U.S. Markets closed

Snowden’s Book Is a Bestseller -- and a Honeypot for Hackers

Kartikay Mehrotra

(Bloomberg) -- Edward Snowden’s memoir “Permanent Record” is a best seller. Hackers are trying to cash in on it, too.

A type of malware called Emotet is being embedded in an email phishing campaign that offers Snowden’s book as an attachment. The spam email claims the former government contractor’s story has been banned, then encourages readers to download, read and share his book, according to Malwarebytes Inc., which analyzed the campaign in recent days.

But when a recipient clicks on the attachment, there’s no book. Instead, there’s a link that, if selected, buries malicious code into the unlucky clicker’s device. Malwarebytes said it discovered the emails in English, Spanish, German, Italian and French.

”It’s going to be pretty effective, especially since people might be tempted to open up the book for free,” said Jerome Segura, director of threat intelligence at Malwarebytes. “This one maybe more than others because it’s a smarter social engineering trick.”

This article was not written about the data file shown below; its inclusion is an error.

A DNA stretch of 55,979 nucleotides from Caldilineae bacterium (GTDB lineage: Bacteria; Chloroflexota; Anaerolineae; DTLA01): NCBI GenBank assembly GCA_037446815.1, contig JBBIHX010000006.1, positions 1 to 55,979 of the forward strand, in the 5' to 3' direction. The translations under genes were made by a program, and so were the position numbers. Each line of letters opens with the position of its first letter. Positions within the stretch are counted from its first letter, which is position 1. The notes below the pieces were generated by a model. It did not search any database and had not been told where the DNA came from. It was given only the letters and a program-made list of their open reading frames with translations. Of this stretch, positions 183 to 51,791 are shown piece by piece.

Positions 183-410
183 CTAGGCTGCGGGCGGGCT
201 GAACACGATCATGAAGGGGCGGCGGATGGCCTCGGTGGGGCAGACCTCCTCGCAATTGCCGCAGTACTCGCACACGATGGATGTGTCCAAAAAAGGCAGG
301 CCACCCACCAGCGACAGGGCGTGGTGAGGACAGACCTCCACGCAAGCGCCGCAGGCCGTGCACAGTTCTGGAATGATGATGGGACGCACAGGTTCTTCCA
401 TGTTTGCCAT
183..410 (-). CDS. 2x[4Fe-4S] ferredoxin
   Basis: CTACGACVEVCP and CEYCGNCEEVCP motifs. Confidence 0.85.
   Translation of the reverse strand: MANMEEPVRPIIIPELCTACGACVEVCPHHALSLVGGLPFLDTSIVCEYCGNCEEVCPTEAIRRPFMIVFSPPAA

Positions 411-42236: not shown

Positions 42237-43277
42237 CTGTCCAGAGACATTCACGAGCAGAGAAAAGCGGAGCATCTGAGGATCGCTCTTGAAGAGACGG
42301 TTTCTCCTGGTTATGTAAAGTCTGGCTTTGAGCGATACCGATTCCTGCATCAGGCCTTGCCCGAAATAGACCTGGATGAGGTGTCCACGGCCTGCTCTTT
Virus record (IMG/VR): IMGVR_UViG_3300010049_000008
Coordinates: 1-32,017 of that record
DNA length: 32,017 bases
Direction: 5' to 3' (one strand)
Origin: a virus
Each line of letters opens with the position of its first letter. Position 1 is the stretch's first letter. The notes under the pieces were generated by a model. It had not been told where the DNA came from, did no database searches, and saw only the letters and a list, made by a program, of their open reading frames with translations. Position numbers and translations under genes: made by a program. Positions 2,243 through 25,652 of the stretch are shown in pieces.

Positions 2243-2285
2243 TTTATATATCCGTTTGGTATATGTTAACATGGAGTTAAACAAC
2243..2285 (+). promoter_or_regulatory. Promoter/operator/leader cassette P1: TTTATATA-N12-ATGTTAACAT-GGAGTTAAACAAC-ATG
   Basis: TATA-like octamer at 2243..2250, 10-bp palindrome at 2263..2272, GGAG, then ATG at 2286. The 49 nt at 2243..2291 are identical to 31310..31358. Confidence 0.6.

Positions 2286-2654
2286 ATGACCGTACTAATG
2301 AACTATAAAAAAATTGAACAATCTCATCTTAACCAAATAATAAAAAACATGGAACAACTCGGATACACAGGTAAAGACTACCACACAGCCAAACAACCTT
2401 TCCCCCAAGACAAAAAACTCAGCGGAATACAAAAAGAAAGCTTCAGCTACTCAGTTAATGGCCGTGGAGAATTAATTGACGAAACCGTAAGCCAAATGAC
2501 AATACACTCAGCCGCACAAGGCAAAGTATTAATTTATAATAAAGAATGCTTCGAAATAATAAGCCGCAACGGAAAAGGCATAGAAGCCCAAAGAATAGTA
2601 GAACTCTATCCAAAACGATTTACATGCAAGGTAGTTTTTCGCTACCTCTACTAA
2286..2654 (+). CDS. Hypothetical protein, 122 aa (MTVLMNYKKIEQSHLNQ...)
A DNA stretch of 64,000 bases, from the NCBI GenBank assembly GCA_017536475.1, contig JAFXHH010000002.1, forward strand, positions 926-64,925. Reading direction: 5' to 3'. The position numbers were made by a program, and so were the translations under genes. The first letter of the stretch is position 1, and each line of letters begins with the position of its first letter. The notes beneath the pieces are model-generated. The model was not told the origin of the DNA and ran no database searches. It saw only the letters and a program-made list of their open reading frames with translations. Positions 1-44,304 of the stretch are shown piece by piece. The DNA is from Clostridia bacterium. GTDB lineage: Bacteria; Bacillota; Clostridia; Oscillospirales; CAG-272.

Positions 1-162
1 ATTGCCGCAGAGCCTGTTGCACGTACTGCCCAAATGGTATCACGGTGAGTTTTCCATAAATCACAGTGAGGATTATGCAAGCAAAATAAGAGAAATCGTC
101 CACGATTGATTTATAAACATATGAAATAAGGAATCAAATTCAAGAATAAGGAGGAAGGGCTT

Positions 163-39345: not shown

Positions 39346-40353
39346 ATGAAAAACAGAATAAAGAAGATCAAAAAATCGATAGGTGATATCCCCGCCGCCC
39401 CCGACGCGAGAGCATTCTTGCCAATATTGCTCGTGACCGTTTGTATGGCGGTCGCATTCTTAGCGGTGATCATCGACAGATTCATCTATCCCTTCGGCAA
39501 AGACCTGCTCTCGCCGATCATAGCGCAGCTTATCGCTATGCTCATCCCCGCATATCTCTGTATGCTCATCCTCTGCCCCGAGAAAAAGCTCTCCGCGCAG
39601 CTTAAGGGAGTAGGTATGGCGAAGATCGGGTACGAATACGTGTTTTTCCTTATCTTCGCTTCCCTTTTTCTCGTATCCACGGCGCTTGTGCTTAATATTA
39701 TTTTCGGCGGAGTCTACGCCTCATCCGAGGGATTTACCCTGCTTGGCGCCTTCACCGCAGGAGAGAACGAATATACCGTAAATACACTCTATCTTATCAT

Snowden, who remains in exile in Russia since using his National Security Agency clearance to expose state secrets in 2013, is being sued by the U.S. Justice Department for publishing the book without the agency’s permission. The U.S. has asked a federal judge to grant the government all of Snowden’s earnings from the book.

Emotet is typically used in tandem with other viruses to infect devices. Once infected, hackers will use additional malware to steal financial data or install ransomware. The Department of Homeland Security calls it “among the most destructive malware” on the internet.

To contact the reporter on this story: Kartikay Mehrotra in San Francisco at kmehrotra2@bloomberg.net

To contact the editors responsible for this story: Andrew Martin at amartin146@bloomberg.net, Jillian Ward

For more articles like this, please visit us at bloomberg.com

©2019 Bloomberg L.P.